This Month's Features:
by Helen Branswell | @HelenBranswell
Maia Majumder was on Twitter earlier this month when she saw a map that terrified her.
The map recorded the number of local newspapers in each county across the United States.
Large swaths were shaded light pink, denoting a county that had no local daily newspaper at all.
As a record of the decline of the American newspaper industry, it was disconcerting. | READ MORE
If you're a supporter of local news, reading the headlines each morning can be an exercise in pain.
Too often, another long-standing newspaper has been sold off and stripped for parts, becoming another check in a conglomerate's notebook.
Unfortunately, with the media industry in peril, few options exist if a paper hopes to survive.
Last week, local newspaper Berkeleyside, serving the Berkeley, California, community since 2009, announced it had successfully reached and closed a Direct Public Offering (DPO), taking in $1 million. The paper became the first ever to undertake a DPO and succeed.
Founded by three journalists with deep ties to the area – Tracey Taylor, Lance Knobel and Frances Dinkelspiel – Berkeleyside had tried out other models to raise funds, from membership programs to subscriptions to events, but came up short each time.
Then, about two years ago, Berkeleyside did something no other paper had ever undertaken: It pursued and launched a DPO. Taylor and her cofounders applied to the state of California and were granted permission to launch in 2016 with a goal of $800,000.
The paper decided it wouldn't take investments under $1,000, but in the first year of the DPO, it came up short. The paper was able to raise $500,000 in its first five months. Beyond that figure, it became more difficult. So the DPO was extended by another year, and the ceiling raised to $1 million.
Last Thursday, the DPO ended and the paper met its goal with contributions from 355 investors.
The paper immediately made use of all investments as they came in. To date, the DPO money has allowed Berkeleyside to hire an additional reporter, make its site mobile friendly and expand its events and membership programs.
But aside from the new possibilities for the publication and its community, the DPO also provides a model for other small news organizations that are struggling to survive but count a dedicated readership among their assets.
Berkeleyside reports that it has already shared its model with Sonoma West, a Sonoma County newspaper, which recently gained permission to launch its own DPO by California regulators.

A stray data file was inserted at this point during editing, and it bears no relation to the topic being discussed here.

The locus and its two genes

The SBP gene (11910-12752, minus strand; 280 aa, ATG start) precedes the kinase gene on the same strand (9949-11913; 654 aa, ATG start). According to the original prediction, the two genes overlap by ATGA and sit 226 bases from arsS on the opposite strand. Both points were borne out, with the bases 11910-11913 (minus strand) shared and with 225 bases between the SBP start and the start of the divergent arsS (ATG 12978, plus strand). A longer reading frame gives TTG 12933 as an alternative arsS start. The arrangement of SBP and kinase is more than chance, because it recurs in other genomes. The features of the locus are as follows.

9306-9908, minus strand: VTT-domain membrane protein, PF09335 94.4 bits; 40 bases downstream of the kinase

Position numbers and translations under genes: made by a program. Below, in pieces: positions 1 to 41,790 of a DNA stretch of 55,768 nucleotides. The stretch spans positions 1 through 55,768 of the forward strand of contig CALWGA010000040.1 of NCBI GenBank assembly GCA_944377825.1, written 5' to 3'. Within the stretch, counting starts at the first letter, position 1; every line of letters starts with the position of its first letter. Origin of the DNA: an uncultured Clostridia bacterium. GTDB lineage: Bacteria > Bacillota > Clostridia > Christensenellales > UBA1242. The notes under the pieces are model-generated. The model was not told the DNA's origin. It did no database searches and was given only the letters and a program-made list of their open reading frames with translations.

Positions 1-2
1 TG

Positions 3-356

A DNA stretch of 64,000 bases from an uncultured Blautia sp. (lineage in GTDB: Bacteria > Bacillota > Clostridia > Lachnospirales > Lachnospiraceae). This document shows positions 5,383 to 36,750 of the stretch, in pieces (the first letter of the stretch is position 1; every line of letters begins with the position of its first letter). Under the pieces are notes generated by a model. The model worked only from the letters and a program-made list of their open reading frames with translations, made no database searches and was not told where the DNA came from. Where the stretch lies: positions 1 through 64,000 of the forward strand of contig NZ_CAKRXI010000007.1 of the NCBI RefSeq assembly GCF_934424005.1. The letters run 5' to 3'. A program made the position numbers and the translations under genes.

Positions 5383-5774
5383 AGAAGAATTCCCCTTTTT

The Lenfest Institute, which donated $60,000 to Berkeleyside, provided a more detailed account of how the DPO was launched and what the paper learned from it. | READ MORE
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IEEE GlobalSpec, a provider of digital media solutions to help industrial marketers connect with engineering and technical professionals, has launched a re-engagement campaign to obtain the consent required under the General Data Protection Regulation (GDPR).
As specified by GDPR, the global firm is offering specific opt-in choices for each of its many informational products, from email newsletters to white paper and webinar announcements. Its multitiered campaign includes email, content on the website and a video.
This puts the firm ahead of the curve, according to GlobalSpec CEO Patrick Mahoney.
"Some companies just didn't take it seriously," he noted. "Now their lawyers are telling them, you have four weeks to get it together."
In contrast, IEEE GlobalSpec has been working on this issue for at least six months, taking a methodical approach and relying on proprietary systems to ensure compliance.
Patrick cautions that GDPR is "not limited to residents of the EU. It applies to EU citizens regardless of where they live." That includes the U.S.
IEEE GlobalSpec is offering the opt-in only to EU citizens but will change that to cover the U.S. if such legislation is passed here.
"We spent three months understanding the law and how it applies to us and affects customers," Mahoney said. "We then articulated a strategy."
The requirement is simple. If someone doesn't opt in, they're off the list.
"Some companies are a little hesitant. They fear the risk of losing people," Mahoney said. "We don't have that concern, because we have a high degree of customer intimacy."
How does this differ from consumer opt-ins? It's largely the same, he said. "If they give us a corporate email address for company A, then go to Company B, they have to re-opt in," explained Mahoney.
In the video, Mahoney advises clients to review their own mailing lists and re-engage customers, working with legal counsel.
The company has just under 9 million registered users, including 1.3 million in the EU.
© 2018 MediaPost Communications.
The ZIP Code analysis table for publications with free or paid home delivery includes coverage data within a publication's delivery ZIP Codes. The report's data is provided by ESRI and the USPS. The information is calculated by using both the number of free and paid copies distribution within a ZIP Code.
ESRI (Environmental Systems Research Institute) is an international supplier of geographic information systems software (GIS), web GIS and geodatabase management applications. As well as demographic data (household size, income, race, etc.), ESRI provides population and household counts within a ZIP Code.
USPS Delivery Statistics provides the number of possible postal deliveries within a ZIP Code. The information includes data for home deliveries (C), post box deliveries (PO) and business deliveries (B). This information is updated monthly by the USPS.
ZIP Code coverage is calculated in this way:
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